- Innovation cycles are faster; so there’s a need to adapt quicker. Think about it. PC took 20 years to get to one billion users, and the mobile era took 5 years to get to 1 billion. Now you have apps and services who only need a few months to get to that same number of users. In that sense development cycles are dramatically speeding up, because every new layer of tech is being built on the foundation of the previous layers. You don’t start from scratch— the fact that everyone has smartphones means that if you have a good service and strong word of mouth, it spreads much more quickly. Which you can take as good or bad. You can get started faster now, but that also means there’s a ton of competition, so you need to be that much more prepared.
- Infrastructure is so much more accessible now. In the early days at Elance, we spend millions of dollars to secure servers and computers, and now I can get that caliber of hardware and rent it for a couple hundred bucks a month. What happens is the cost of startups decreases— which means anyone in a garage can build a startup without spending a fortune. Of course, the business and product has to be compelling, but it’s a lot easier than it used to be. Which again, leads to the issue of over-saturation.
You can get started faster now, but that also means there’s a ton of competition, so you need to be that much more prepared. @beerud
Q: In 2014, Elance and Odesk merged to form Upwork. Today, more than 2 million businesses tap into Upwork to find, hire, and pay over 12 million freelancers. How is the gig economy that Elance pioneered effecting technology today?
Beerud: Gig economy is everywhere. Hiring people for fractional time is increasingly common. Companies such as Uber, DoorDash, Instacart, Thumbtack, TaskRabbit and their like are direct descendants of ideas pioneered by Elance. The impact of the gig economy is going to continue to play out over many years until people will wonder what “full-time” jobs meant. Upwork is a company for the ages.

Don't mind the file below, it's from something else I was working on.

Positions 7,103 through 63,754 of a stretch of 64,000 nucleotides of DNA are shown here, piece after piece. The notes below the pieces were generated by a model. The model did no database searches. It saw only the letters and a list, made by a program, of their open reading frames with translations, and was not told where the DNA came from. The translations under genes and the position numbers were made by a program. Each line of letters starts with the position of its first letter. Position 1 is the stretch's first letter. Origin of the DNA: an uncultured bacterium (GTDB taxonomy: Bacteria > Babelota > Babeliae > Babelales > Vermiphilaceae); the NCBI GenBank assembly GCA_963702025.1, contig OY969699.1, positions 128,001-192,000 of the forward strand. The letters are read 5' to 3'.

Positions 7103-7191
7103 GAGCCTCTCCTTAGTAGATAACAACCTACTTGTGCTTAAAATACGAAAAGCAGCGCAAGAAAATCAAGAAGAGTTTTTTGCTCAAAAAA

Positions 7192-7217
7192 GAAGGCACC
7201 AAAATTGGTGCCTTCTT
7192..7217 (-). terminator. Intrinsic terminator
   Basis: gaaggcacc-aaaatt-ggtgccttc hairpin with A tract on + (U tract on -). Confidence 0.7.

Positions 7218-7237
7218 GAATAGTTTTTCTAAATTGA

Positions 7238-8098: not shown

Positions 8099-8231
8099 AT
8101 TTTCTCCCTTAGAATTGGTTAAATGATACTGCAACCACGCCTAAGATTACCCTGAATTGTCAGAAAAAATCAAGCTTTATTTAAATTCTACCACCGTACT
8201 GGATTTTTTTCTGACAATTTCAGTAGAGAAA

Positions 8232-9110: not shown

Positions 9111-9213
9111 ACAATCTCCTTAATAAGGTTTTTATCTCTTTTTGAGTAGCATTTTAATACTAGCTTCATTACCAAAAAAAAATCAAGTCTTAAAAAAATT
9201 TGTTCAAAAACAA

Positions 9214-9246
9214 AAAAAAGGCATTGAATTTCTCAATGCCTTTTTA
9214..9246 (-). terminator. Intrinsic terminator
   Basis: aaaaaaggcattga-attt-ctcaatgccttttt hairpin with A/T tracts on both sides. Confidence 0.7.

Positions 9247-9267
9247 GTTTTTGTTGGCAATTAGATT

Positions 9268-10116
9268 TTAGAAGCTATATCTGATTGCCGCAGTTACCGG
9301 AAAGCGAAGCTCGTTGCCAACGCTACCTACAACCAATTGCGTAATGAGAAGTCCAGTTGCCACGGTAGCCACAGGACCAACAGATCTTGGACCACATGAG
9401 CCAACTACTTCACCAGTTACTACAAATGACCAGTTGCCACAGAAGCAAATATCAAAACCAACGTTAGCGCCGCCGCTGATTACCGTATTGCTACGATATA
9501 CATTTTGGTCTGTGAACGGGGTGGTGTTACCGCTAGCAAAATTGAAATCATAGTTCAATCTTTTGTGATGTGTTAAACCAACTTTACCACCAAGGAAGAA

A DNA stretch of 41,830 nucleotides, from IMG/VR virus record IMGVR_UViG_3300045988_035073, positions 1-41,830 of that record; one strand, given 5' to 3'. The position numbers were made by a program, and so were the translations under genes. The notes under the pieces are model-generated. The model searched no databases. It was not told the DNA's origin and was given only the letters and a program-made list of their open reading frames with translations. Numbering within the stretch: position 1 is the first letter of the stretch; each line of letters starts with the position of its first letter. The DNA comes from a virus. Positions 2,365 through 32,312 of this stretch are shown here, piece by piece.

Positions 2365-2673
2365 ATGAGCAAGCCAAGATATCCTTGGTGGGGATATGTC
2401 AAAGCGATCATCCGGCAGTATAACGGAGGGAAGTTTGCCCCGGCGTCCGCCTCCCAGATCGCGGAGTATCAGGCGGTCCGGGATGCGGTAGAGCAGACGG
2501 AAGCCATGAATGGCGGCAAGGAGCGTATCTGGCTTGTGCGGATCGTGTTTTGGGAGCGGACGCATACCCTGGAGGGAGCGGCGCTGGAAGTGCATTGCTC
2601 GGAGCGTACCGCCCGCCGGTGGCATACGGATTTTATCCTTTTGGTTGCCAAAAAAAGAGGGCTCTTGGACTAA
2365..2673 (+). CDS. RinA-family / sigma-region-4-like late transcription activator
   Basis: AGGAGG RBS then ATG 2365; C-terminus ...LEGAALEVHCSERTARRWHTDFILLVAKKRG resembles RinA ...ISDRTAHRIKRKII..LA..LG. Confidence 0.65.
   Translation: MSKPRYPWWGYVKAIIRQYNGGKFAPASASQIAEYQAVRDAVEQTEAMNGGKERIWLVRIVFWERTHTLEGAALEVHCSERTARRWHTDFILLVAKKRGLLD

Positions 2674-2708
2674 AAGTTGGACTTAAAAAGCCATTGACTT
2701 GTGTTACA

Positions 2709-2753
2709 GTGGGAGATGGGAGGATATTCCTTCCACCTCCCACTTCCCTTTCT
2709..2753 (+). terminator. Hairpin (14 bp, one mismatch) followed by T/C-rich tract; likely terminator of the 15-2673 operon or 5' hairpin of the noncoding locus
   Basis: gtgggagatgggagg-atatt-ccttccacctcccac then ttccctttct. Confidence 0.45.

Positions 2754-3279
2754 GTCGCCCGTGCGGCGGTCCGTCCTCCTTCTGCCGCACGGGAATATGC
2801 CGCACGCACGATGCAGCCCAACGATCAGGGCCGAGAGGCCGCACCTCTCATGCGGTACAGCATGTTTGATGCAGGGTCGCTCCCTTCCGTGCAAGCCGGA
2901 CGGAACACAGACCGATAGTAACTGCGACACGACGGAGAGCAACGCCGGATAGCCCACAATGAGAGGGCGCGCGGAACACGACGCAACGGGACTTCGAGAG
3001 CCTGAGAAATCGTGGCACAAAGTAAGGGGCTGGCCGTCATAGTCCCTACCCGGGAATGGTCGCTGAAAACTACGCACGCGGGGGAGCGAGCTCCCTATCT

Q: You’ve experienced Silicon Valley, as a founder, for the last 20 years. What is one major shift you have seen that founders can take advantage of at the moment?
Beerud: The shift to AI-powered conversational experiences is a once-in-a-decade opportunity to rethink all computing experiences. Disruptions like this create massive opportunities.
The shift to AI-powered conversational experiences is a once-in-a-decade opportunity to rethink all computing experiences. @beerud
Q: You raised $94.8M for Elance and $44.1M for GupShup. How has the funding landscape changed in the last few years? What advice would you give to founders who are fundraising for the first time?
Beerud: There’s a lot more money out there than before. Also, a lot more entrepreneurs that continue to invest back. My advice to first-time founders would be to validate key assumptions before approaching investors. Also, to remember that they’re investing in you as much as the idea – so build trust and confidence in them.
Q: What is one thing you wish you knew at the beginning of your journey as a founder that you know now?
Beerud: That founders need more grit and perseverance than you can imagine. Most founders are smart and hard-working. But not everyone persists.
Grit is required because timing plays a big role, yet is hard to predict. Therefore, you often have to persevere until the external factors align.
Build a huge business. Rinse and Repeat. @beerud
Q: What’s next for you? What are the risks that you see moving forward?
Beerud: Build a huge business. Rinse and Repeat.